All the same, great strides were made by a number of artists to more accurately recreate natural tortoiseshell, which process involved laying metal foil (brass, gold or silver) on a substrate over which were laid numerous coats of coloured translucent varnish.
Venetian born Joachim Becher developed a method of extracting tar from coal which he used (in conjunction with asphaltum and pitch) to tint varnishes for simulating tortoiseshell.
The ‘projecting genius’, Thomas Algood, (d. 1716), a Northamptonshire Quaker, applied brown lacquer [presumably asphaltum- or tar-based] over irregularly shaped pieces of foil to imitate tortoiseshell.
John Baskerville of Birmingham took out a patent for his simulated tortoiseshell in 1742, describing it as “An imitation … which greatly excells Nature itself both in Colour and hardness.”
The finish on my William and Mary chest of drawers adhered to the practice of building up layers of contrasting paint and translucent varnish to simulate tortoiseshell; however, this girandole attempts to replicate the work of these latter craftsmen using asphaltum and other naturally tinted varnishes over metal foil.
Due to the complexity (and presumable cost) of foil-and-varnish tortoiseshell, it was normally reserved for smaller, more intimate objects for the bed chamber and parlour.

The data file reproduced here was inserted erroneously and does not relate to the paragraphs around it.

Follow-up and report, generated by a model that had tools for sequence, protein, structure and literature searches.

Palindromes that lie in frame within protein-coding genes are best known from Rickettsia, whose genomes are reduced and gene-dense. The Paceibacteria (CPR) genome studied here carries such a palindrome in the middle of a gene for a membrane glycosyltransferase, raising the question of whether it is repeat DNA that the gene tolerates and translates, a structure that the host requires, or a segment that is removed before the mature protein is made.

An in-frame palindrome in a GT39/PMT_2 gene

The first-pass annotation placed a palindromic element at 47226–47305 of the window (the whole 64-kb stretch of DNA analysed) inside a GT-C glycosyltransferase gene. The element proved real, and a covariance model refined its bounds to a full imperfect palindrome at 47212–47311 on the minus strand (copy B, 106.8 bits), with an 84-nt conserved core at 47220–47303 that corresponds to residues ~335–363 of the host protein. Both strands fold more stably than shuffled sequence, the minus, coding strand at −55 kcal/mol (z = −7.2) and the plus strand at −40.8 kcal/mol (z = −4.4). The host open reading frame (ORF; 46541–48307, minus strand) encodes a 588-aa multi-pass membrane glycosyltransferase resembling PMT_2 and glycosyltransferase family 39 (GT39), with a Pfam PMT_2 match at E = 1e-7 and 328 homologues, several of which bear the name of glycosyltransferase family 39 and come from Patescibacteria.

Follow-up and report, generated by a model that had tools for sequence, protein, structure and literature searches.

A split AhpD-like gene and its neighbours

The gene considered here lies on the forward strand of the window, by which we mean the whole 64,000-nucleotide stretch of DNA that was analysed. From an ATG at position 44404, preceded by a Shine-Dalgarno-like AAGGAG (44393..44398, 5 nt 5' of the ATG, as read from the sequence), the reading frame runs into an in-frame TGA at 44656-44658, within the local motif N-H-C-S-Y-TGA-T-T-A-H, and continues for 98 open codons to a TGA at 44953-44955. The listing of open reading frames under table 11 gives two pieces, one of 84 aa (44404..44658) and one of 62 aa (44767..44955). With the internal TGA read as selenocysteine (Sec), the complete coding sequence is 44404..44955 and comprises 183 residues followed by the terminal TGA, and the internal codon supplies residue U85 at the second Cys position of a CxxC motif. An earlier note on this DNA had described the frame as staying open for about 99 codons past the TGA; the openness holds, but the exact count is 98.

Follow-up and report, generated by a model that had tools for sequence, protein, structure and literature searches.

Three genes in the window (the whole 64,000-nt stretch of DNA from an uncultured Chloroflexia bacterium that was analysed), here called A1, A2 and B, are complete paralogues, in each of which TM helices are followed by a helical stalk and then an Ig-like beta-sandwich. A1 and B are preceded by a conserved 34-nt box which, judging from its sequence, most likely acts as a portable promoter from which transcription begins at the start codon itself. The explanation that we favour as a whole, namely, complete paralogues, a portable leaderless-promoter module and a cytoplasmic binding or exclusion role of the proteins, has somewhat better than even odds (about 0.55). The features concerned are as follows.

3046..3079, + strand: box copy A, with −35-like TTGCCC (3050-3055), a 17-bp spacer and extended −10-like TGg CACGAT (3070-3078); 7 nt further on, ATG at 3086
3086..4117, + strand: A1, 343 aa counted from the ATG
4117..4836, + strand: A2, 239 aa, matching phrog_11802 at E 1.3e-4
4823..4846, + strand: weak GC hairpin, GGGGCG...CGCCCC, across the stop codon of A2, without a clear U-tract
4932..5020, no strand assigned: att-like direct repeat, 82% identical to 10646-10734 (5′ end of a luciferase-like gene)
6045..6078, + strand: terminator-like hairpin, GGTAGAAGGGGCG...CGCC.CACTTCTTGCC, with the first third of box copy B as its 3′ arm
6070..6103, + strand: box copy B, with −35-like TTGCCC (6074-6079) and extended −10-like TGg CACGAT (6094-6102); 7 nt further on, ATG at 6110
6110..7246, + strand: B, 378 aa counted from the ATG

While my chest’s distinct painted finish displays considerable depth and a charm all of its own, it can’t compete with the chatoyance of the girandole’s finish. It’s quite mesmerising and virtually impossible to describe in words or portray in pictures. In the early morning sunlight, the deep scarlet flickers to searing yellow with the merest shift of the body.
The frame and looking glass have been sympathetically aged and I’m just awaiting the arrival of the candle arm castings to complete the girandole.
 HUTH, Hans, Lacquer of the West – The History of a Craft and an Industry 1550-1950, The University of Chicago Press, Chicago, 1971, pp. 111-112.
 JONES, Yvonne, Japanned Papier Mâché and Tinware c.1740-1940, Antique Collectors’ Club, 2012, p. 43.
Filed under: Mirrors & Girandoles Tagged: asphaltum, foil, girandole, Joachim Becher, John Baskerville, pitch, tar, Thomas Algood, tortoiseshell
History doesn’t relate who invented the wheel, but some of the earliest examples of wheels employed on furniture were in the mid 1600s under heavy trundle beds.
Castors (wheel assemblies whose wheel axes are offset from the vertical axes about which they pivot) first appeared in the late seventeenth-century and were in widespread use by the early eighteenth-century, beneath chairs, settees, tables etc. – anywhere manoeuvrability was desirable.
Reinventing the wheel
In their latest comedy instalment, Horton Brasses make a somewhat different attribution.
Filed under: Cabinet Fittings, Distractions Tagged: castors, comedy, Horton Brasses
The pine girandole frame consists of two parts; the main fretted frame, and a thinner, moulded frame that is attached to the front of the fretted frame.
With the frame components assembled and dry, I trimmed the joints, faired the curves and moulded the front frame edges.
The two separate frames received four coats of gesso (fig. 3) before being glued and nailed together.